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Puzzles designed for Dementia with Memories

by Karen Miller owner/developer of  www.memoryjoggingpuzzles.com

My lovely mother had a stroke at age 50, after having surgery and dementia followed. Her life was changed dramatically in a split second. Mother was terrified, frustrated and depressed but she was also a survivor.

Being paralyzed on the right side and in the beginning unable to say a word she began her struggle to be the way she used to be: active, capable of walking, talking and cooking; and her hobbies of dancing, playing cards and putting large puzzles together. She desired to do all of these things again and very determined to try.

My father became her instant caregiver every second of the day, when she came home. There were five children, some living away from home and a couple of younger ones. Dad had his hands full but I never heard him complain and I am sure he was depressed at times, but he hid it well.

Just go with the flow. . .

Mother was in physical and speech therapy a long time. I remember her being frustrated by us not understanding what she was trying to say.

I recall trying to help her by saying the words that WE thought she wanted to say. This made her more frustrated and upset. We had to learn not to interrupt but be patient and let the thoughts and words come, even though they might be in a whole new direction, just go with the flow.

It’s funny but I remember when mom was angry, we understood her words very well, she was a character.

Dad took care of mom for many years and then she went into a care center. During this time mom went through many moods and became very depressed and angry towards my father. She began to resent the fact that he had to do everything for her. He was her hands, her feet and her voice at times and she did not like it. I’m sure she couldn’t control her feelings and actions very well, but just reacting to a bad situation and I know they both had a straight beam to heaven when they died.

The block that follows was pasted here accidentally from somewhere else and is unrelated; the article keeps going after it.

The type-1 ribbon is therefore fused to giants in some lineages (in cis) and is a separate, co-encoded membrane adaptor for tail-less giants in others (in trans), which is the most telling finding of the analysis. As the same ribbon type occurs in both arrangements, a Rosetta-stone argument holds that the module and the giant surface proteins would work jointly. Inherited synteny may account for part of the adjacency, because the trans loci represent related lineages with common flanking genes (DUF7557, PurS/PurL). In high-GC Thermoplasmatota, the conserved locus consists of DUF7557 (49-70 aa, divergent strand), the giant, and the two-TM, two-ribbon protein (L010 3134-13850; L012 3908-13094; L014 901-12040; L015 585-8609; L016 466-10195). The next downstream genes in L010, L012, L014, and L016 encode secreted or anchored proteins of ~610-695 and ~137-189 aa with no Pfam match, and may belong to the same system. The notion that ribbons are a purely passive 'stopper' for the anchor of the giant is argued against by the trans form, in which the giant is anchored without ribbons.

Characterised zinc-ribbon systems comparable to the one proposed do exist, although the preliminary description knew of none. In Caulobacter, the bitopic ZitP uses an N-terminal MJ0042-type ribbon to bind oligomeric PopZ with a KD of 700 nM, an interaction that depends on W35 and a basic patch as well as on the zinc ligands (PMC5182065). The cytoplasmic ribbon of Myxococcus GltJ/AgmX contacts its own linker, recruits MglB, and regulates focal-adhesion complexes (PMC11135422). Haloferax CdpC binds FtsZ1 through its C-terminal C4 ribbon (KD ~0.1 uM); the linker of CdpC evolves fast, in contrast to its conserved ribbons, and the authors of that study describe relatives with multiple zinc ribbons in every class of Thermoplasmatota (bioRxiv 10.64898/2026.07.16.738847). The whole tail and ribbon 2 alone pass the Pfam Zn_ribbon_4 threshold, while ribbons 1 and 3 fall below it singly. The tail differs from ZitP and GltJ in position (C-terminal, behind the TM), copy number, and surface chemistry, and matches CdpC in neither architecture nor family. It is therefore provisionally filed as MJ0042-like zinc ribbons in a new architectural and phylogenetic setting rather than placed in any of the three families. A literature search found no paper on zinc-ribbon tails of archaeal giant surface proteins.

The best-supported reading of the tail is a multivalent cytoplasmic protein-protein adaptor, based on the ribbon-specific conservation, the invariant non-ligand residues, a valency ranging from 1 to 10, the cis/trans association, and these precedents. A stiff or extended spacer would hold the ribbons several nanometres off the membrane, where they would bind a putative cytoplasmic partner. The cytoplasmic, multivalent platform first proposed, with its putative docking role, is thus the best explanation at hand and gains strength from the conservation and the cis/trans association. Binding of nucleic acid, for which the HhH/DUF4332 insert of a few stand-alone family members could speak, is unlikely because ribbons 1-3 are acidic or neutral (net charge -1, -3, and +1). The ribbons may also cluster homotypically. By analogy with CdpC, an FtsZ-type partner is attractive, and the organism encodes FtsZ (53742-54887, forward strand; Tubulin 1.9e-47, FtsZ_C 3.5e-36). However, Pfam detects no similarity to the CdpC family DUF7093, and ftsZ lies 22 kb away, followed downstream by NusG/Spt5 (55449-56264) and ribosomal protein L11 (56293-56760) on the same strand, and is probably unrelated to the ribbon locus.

If I could step into mom’s shoes at that moment, I would feel inadequate; angry that it happened to me, and very depressed thinking that perhaps I, would never be able to enjoy these activities again.

Both have inspired me and mother’s love of playing cards and putting puzzles together and then her struggles of not being able to were inspirational to me in developing Memory Jogging Puzzles and Memory Exercise Cards.

I miss my parents and I wish they were here today to see the inspiration and drive they have given me.

Memory Jogging Puzzles

My lap size, wooden puzzles are simple, easy and fun to work with. Age appropriate themes by Norman Rockwell _ The Saturday Evening Post have real life illustrations and are great for conversations. Many remember Norman Rockwell and The Saturday Evening Post.

Puzzles have few, large pieces; 6 piece for middle stages; 12 piece for early – middle stages. They can complete the puzzles and feel success.

“Your puzzles do indeed show some promise, due to the fact that they engage persons with their emotional and recognition memory, but then rely upon "here and now" problem-solving skills.” Mitchell Slutzky, Ph.D., Clinical Geropsychologist, NY


For valuable information visit http://www.memoryjoggingpuzzles.com
©2009 Karen Miller, Memory Jogging Puzzles - All rights reserved